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  8. beb said on March 27, 2014 at 8:32 am

    Does Stephen King *really* know Mitch Albom? Would he admit to it if asked?

    The Supreme Court has reached Red Queen/Through the Looking Glass territory where verdicts are made first and then comes the trial. I grew up in John Birch country so I saw a lot of Impeach Earl Warren bumper sticker in my time but these four Justices – Alito, Scalia, Roberts and Thomas are worse about making up rules out of thin air than anything Justice Warren ever did.

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  9. alex said on March 27, 2014 at 8:43 am

    beb, here’s something that should come as no surprise:

    The opiate of the masses, now marketed as the magic potion to nullify the constitution and re-segregate society.

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  10. Suzanne said on March 27, 2014 at 9:17 am

    I’m not really a slippery slope kinda gal, but this Hobby Lobby thing does scare me because of where it might end. Hobby Lobby doesn’t want to cover the morning after pill because they BELIEVE it causes abortion although, from what I’ve read, that is not true in 99.9% of cases. So if they win, can your crackpot business owner employer get an exemption for insurance funding of mammograms because he/she BELIEVES they turn women into alien beings?

    What’s also being lost here, I believe, is the notion that insurance companies would much rather pay for the birth control than fund the pregnancy, which is probably at the heart of the contraception mandate in the first place.

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  11. brian stouder said on March 27, 2014 at 10:03 am

    Hereabouts, we have many Amish businesses, involving home construction and wood working. Shouldn’t they also get these exemptions from the laws, based on their religious beliefs? For example, an Amish furniture manufacturing facility recently took the arm clean off of a 14 year old female worker there…but why should OSHA workplace safety regulations apply to them? And, might I not deserve a religious exemption from paying Social Security tax? Hell, why should I pay taxes that go to the world’s largest military establishment? Afterall, every so often they drop automated munitions (via unmanned aerial vehicles) onto unsuspecting folks at wedding celebrations and so on, and may or may not kill the person they wanted to kill; along with many other people that were in the wrong place at the wrong time…..and I object!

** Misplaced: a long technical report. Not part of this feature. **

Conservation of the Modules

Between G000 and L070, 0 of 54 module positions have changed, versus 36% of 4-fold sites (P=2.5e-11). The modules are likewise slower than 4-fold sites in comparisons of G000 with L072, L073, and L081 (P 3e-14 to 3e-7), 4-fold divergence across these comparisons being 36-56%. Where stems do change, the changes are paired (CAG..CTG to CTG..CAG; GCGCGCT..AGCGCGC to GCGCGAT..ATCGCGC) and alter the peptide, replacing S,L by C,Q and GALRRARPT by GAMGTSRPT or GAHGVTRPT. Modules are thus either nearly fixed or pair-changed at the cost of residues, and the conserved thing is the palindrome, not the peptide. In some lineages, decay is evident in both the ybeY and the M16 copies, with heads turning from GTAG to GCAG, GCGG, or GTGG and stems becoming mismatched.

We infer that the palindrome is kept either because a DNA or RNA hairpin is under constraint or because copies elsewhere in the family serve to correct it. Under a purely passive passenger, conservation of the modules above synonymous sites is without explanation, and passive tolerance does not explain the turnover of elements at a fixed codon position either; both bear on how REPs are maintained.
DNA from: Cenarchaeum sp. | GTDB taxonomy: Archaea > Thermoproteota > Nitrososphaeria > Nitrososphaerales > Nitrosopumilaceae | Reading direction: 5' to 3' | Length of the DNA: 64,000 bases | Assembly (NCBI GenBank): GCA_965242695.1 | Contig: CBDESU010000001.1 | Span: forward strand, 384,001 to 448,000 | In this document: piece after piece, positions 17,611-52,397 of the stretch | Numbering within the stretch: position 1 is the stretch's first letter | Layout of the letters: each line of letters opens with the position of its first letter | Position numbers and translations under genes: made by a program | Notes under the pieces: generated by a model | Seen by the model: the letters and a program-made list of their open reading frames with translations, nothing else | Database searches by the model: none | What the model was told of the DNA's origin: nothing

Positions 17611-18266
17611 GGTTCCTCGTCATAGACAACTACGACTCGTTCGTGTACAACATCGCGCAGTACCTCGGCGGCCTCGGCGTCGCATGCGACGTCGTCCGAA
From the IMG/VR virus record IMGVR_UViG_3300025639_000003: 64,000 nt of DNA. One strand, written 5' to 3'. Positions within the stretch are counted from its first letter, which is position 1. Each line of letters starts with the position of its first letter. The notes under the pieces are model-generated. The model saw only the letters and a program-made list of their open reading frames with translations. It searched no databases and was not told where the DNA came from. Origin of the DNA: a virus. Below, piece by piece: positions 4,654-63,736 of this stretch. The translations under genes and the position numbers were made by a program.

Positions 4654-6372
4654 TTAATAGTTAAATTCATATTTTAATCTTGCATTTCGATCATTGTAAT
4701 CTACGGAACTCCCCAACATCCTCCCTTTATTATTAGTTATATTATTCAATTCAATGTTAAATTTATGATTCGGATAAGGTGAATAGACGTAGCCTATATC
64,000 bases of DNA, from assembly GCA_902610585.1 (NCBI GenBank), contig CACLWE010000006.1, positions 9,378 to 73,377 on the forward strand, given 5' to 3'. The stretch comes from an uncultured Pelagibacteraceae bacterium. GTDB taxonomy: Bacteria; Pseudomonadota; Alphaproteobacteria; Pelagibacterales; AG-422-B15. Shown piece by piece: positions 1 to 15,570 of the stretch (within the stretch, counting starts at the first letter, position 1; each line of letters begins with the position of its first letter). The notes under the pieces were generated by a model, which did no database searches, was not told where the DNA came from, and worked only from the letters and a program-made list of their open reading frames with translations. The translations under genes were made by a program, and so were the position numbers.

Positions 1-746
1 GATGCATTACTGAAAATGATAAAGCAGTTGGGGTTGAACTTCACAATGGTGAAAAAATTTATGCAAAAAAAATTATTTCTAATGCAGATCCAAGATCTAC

And, our local and state governments are always building roads and bridges, and every damned day people drive to booby bars and other places, just to commit sins. Why should I pay for that? Really, secular government has no right to exist at all, right? Whereas a theocracy would solve all our problems…as long as we all believe the same things!

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  12. Bitter Scribe said on March 27, 2014 at 10:03 am

    That Lithwick article is depressing, but it’s still worth reading for the way she compares individual justices to various methods of contraception. (No, really. Go read it. I won’t give away any of the jokes here—OK, one: Guess which justice lines up with “abstinence”?)

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  13. brian stouder said on March 27, 2014 at 10:27 am

    Bitter – agreed.

    Ms Lithwick is a better person than I am.

    I’d have been unable to restrain myself from comparing at least one of the male justices to a condom; a thing which does its job unreliably at best, and which makes the whole process less pleasant, and which ends up a disgusting mess

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  14. Bitter Scribe said on March 27, 2014 at 10:31 am

    brian – The only reason I wouldn’t have used that metaphor is because I wouldn’t have been clever enough to think it up.

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  15. Jeff Borden said on March 27, 2014 at 10:41 am

    This SCOTUS is going to be a problem for a long time. John Roberts is several years younger than me and looks to have a nice career of fluffing corporations and snuffing the arguments of the little people.

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  16. coozledad said on March 27, 2014 at 12:08 pm

    O Lord my God, When I’m in need of oil paints,
    or sewing notions for a rainy day;
    perish the thought, that I might flush some zygotes,